Anzac sacrifice

Privacy Level: Open (White)
Date: 1915 [unknown]
Location: [unknown]
Surnames/tags: ANZAC Australia WW1
Profile manager: Terry Wright private message [send private message]
This page has been accessed 251 times.

Tens of thousands of Australian parents have lost sons to war. But some have lost a number of sons in the same war.

The Beechey brothers

All eight Beechey brothers served in World War One. Five would be killed. The seventh son Harold emigrated to Australia with his brother Chris.

Harold Beechey joined the Army and trained as an Anzac in Egypt and fighting in Gallipoli in 1915. April 1917 he was hit by shell in the trenches, aged 26. There is cross with Harold Beechey name on it and has been placed in his adopted home of Western Australia, in Perth's Anglican Cathedral. Died 10 April 1917 r

Charles Beechey died aged 39. He is buried in a war cemetery in Dar es Salaam. Died 20/10/1917

Frank Beechey a 2nd lieutenant, had crawled out into no man's land on a foggy night he was hit in both legs he died of his wounds the next day, aged 30, and was buried in a French war cemetery. Died 14/11/1916

Bernard Beechey was killed in action on 25 September at the Battle of Loos. There is no marked grave for Barnard Beechey. His cross has been laid on the grave of a Lincolnshire soldier "known only unto God" in a French war cemetery. Died 25/09/1915

Leonard Beechey was gassed close to the French city of Rouen. Leonard Beechey's cross has been placed in the nearby cemetery where he was buried. Died 29/12/1917

The Watherstons brothers

Frank, Cyril, Edward and James Watherston were orphaned in childhood, watching their parents drown at sea. Cyril and Edward joined up early September 1914. Cyril was in the 7th Light Horse Regiment, from Sydney, and Edward left from Adelaide on the Ascanius with the 10th Battalion. The 10th was among the first infantry units raised for the Australian Imperial Force, it was the first ashore around 4:30am on April 25, 1915 at Gallipoli, and went the furthest inland of any of the Australian troops during the initial fighting. Frank joined up in 1915 with the 11th Battalion, six months after his brothers.

Frank was shot with a machine gun fire and he was told to go back to the trench lines "He turned to run and got shot in the legs. "Because there were so many wounded in such a short period of time he was left on the beach lying in donkey, mule and horse dung and he contracted tetanus."By the time he got evacuated to Lemnos Island in the town of Mudros and he died four days later in hospital."

After hearing of Franks death his brother Cyril was allowed to transfer from the 7th Light Horse to the 10th Battalion so he could be with his brother Edward. Cyril was taking gear up to the frontline near Armentieres and a shell blew up his convoy of horses and equipment and he was killed. Edward died at Pozieres two months later on July 23rd, 1915 when a high explosive shell blew overhead nothing was ever found of Edward .

James was killed with the rest of the men of the 11th Battalion he was shot and killed by machine gun fire on August 19th, 1915.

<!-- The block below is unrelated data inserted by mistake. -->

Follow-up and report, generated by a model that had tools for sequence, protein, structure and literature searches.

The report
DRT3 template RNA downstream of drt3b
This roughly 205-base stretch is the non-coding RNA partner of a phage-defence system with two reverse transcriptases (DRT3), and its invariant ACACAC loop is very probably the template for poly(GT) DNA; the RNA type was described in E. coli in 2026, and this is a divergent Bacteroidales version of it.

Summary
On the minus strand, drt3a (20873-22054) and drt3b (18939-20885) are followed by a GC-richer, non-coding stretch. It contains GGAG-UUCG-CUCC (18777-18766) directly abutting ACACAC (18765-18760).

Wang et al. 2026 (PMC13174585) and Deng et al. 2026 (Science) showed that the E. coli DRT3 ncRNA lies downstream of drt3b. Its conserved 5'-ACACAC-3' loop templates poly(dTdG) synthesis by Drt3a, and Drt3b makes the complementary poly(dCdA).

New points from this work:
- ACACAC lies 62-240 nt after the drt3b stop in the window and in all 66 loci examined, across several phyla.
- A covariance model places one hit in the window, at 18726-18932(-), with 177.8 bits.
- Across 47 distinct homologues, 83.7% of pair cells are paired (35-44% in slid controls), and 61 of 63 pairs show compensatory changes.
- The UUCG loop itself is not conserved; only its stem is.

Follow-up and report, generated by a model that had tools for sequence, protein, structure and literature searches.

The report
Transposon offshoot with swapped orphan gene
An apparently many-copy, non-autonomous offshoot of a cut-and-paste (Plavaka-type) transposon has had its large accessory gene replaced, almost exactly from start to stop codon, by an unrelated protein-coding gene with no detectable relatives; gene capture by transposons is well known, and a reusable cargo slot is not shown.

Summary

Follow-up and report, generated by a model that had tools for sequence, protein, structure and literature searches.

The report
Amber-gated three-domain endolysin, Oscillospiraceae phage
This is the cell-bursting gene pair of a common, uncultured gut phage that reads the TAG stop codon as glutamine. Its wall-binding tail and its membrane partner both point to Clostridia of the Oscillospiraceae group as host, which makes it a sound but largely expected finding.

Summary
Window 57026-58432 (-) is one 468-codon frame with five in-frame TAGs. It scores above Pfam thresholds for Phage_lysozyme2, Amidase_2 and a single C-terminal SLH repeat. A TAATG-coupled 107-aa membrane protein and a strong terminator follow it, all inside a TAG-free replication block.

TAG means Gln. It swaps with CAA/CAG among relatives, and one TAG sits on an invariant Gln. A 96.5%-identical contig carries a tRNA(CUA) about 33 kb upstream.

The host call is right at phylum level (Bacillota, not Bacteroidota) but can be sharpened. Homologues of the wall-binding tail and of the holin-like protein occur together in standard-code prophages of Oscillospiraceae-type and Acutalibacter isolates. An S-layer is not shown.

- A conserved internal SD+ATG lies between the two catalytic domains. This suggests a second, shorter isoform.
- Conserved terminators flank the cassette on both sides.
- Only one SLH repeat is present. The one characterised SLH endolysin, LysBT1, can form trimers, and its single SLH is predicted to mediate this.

The Potter brothers

Mrs Potter and her husband Benjamin, lived in the town of Yongala 250 kilometres north of Adelaide. Three of the Potter brothers died in a single battle over a single night and morning in September, 1916.

The youngest brother, Hurtle, was 22. Edward, also known as Wilfred, was 25. Thomas was 31. They’d signed up in September, 1915, and sailed away. All three were privates. A fourth brother, Ralph, 24, became a corporal. The three brothers were assigned in France to D Company of the 52nd Battalion. Ralph was the only one to survived the Battle of Mouquet Farm, requesting to stay with the battalion and his mates, but later was seriously wounded.

Ralph reported later of his brother Hurtle’s end. “I was beside him when he fell down; he never moved.” Ralph also recorded that his brother Thomas “was seen walking back to the dressing station, but never reached it. I feel sure he died that morning.” Edward was not seen again but Ralph refused to give up the search. After six months he returned to Mouquet Farm and looked through the remains of bodies that were being collected for burial. “I found letters and proof of his identification in his gas helmet alongside of his decomposed body at Moquet farm, March 25th, 1917,” he reported.

Edward Wilfred Potter’s burial place, was never marked. Like his brother Thomas, he is one of the large number of First World War soldiers still missing, with no known grave. Hurtle is the only Potter brother with a marked headstone he is buried at the Courcelette War Cemetery not far from Mouquet Farm.

The Curlewis brothers

Gordon, Selwyn, Arthur and George Curlewis all took part in the Gallipoli landings on April 25, 1915.

Gordon Curlewis enlisted on October 1, 1914, as a lieutenant in the 15th Battalion, Australian Imperial Force. He was promoted to captain on the day after the Gallipoli landings on April 26, 1915, and was killed in action two weeks later on May 9th 1915. He was buried in the field but his grave is now in the Beach Cemetery at Gallipoli. r

Selwyn Curlewis enlisted on September 18, 1914, as a lieutenant in the 16th Battalion, AIF, and was killed in action at Quinn’s Post on May 2, 1915. He has no known grave and is commemorated at the Lone Pine Memorial. r